It’s rare when I take a three day weekend but I felt like I deserved this one after finishing a major project at work and helping my boss finish one of her major projects I was happy to have an excuse to take a three day weekend. The plan was to buy 10 stone fruit trees since they were half price at the nursery and paint the bathroom. We bought the trees and Scott is still working on digging the holes for them only 2 more to go! I’m so glad I don’t do the digging 🙂
The weekend deviated from my plan when Scott snuck a peak under the straw where the sweet potatoes were planted. Last spring I planted 20 pounds of potatoes. 10 pounds we planted in make shift bushel baskets. They were actually made out of wire about 3 feet tall and we lined it with straw and put a small amount of compost on the bottom. We planted the potatoes and covered them with more compost. The idea was that as the potatoes grew we would continue to cover the plant and more potatoes would continue to grow up the plant.
We made 6 baskets like this. 3 with red potatoes and 3 with white potatoes. For awhile it worked in a couple of the baskets. Then we got married and the heat of summer hit with only hoses running to an acre of field. And that was the end of the story of those potatoes.
So for the other 10 pounds we watched a video where a guy spread cardboard then compost then planted seed potatoes and covered it all very heavily with straw and watered very heavily. He never had to water again and 6-8 months later he had bushels and bushels of potatoes. Well it looked great in the video but we really didn’t take in to account that he was in England and planted in the fall. We live in a desert and planted in the spring with no real water system to get us through the heat of summer.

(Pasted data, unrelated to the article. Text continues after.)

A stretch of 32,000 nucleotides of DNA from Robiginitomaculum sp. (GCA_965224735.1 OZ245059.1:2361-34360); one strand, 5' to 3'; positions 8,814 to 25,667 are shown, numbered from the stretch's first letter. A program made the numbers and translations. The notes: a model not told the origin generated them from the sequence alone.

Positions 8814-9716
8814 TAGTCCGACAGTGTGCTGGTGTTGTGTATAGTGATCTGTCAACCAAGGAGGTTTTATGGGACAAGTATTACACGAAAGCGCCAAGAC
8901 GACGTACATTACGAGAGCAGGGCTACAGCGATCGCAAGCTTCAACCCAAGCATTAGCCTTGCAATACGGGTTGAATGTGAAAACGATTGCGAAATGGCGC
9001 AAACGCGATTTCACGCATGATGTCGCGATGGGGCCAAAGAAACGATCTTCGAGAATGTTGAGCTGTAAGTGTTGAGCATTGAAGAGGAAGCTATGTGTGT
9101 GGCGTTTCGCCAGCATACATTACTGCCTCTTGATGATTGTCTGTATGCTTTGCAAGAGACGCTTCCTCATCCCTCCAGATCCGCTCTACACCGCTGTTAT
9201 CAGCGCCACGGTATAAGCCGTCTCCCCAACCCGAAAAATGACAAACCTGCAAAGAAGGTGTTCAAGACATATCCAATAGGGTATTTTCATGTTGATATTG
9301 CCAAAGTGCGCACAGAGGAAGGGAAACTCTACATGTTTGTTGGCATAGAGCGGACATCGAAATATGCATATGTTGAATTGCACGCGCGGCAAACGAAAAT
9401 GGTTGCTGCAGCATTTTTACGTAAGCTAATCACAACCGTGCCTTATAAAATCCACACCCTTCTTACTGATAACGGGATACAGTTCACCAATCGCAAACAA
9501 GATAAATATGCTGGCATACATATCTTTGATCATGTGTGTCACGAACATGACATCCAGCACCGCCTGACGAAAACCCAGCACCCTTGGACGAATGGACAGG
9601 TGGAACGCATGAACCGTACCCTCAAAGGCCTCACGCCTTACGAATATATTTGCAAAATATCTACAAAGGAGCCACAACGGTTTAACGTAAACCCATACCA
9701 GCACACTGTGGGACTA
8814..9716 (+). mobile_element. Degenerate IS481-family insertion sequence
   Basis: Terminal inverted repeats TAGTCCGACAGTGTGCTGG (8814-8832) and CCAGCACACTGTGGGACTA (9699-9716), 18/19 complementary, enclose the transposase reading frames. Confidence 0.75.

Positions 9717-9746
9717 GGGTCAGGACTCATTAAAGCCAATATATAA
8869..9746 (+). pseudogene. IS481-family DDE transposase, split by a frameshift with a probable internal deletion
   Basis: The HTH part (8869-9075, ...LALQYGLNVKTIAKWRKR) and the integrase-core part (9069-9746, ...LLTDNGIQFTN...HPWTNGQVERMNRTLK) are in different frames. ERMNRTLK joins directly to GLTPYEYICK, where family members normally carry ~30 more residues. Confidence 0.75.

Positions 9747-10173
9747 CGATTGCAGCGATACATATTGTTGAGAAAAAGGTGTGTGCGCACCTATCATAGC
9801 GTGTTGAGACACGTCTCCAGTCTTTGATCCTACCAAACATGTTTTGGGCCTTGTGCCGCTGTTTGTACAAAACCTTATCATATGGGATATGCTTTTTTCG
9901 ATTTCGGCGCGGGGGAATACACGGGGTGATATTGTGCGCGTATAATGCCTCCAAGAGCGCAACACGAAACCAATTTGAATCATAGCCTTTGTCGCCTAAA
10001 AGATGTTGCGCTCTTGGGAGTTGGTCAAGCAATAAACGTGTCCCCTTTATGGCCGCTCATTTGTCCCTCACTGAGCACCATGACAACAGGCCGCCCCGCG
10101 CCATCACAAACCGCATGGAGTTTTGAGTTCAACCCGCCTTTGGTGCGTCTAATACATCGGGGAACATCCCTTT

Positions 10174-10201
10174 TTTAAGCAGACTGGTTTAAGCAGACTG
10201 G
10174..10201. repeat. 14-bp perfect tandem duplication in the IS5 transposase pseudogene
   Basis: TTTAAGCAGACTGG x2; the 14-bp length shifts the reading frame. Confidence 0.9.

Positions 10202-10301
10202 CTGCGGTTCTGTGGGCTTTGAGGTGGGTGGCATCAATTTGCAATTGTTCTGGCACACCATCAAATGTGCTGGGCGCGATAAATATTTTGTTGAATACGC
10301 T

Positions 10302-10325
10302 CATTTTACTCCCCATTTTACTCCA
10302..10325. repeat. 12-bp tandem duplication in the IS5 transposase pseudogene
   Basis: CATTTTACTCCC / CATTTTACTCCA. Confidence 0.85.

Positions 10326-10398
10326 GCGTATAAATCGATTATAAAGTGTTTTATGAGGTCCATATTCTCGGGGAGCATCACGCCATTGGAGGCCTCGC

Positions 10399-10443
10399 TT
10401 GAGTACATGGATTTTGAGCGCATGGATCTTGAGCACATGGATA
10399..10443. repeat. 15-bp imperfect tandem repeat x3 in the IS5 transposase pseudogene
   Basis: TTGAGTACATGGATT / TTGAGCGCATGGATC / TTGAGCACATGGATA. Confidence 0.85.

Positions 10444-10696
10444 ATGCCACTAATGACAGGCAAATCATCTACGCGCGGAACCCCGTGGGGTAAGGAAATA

As I watched all of my potatoes die around me I had one last desperate attempt for a potato. I had sprouted a sweet potato over winter and tried to transfer just the sprouts but they died (are you noticing a theme) so in my desperate attempt I just put an entire sweet potato under the straw where the cardboard mess was and tried to remember to water it daily. Which usually equated to twice weekly. But thankfully Scott bought these water timers so I could just toss the hose on the pile of straw and set the timer and not think about it again! After a couple of weeks we had a lot of green growth coming out of this patch of cardboard and straw. The leaves seemed to be very tolerant of my lame watering patterns when they got droopy from lack of water I would give them water and they would perk right back up. Before I knew it the leaves had sprawled probably about 10 feet in all directions. I read in a book that wherever the leaves touch soil they would put down roots. But when I looked under the leaves I didn’t see any setting roots so I really started to doubt anything was actually growing underground. I just thought I had a lot of great greens for the animals.
A couple of weeks ago when the weather cooled I quit watering the potatoes and have been clipping several vines each day for the animals but I’ve refused to dig up any potatoes. I didn’t want to know that I had completely failed at growing any potatoes. Saturday morning Scott decided to peak under the straw and then pulled us out to show us what he had found.
Some how I managed to grow some potatoes!!! Ok I know they aren’t really potatoes but I am happy to have them!!! And not just some but 42 pounds of sweet potatoes!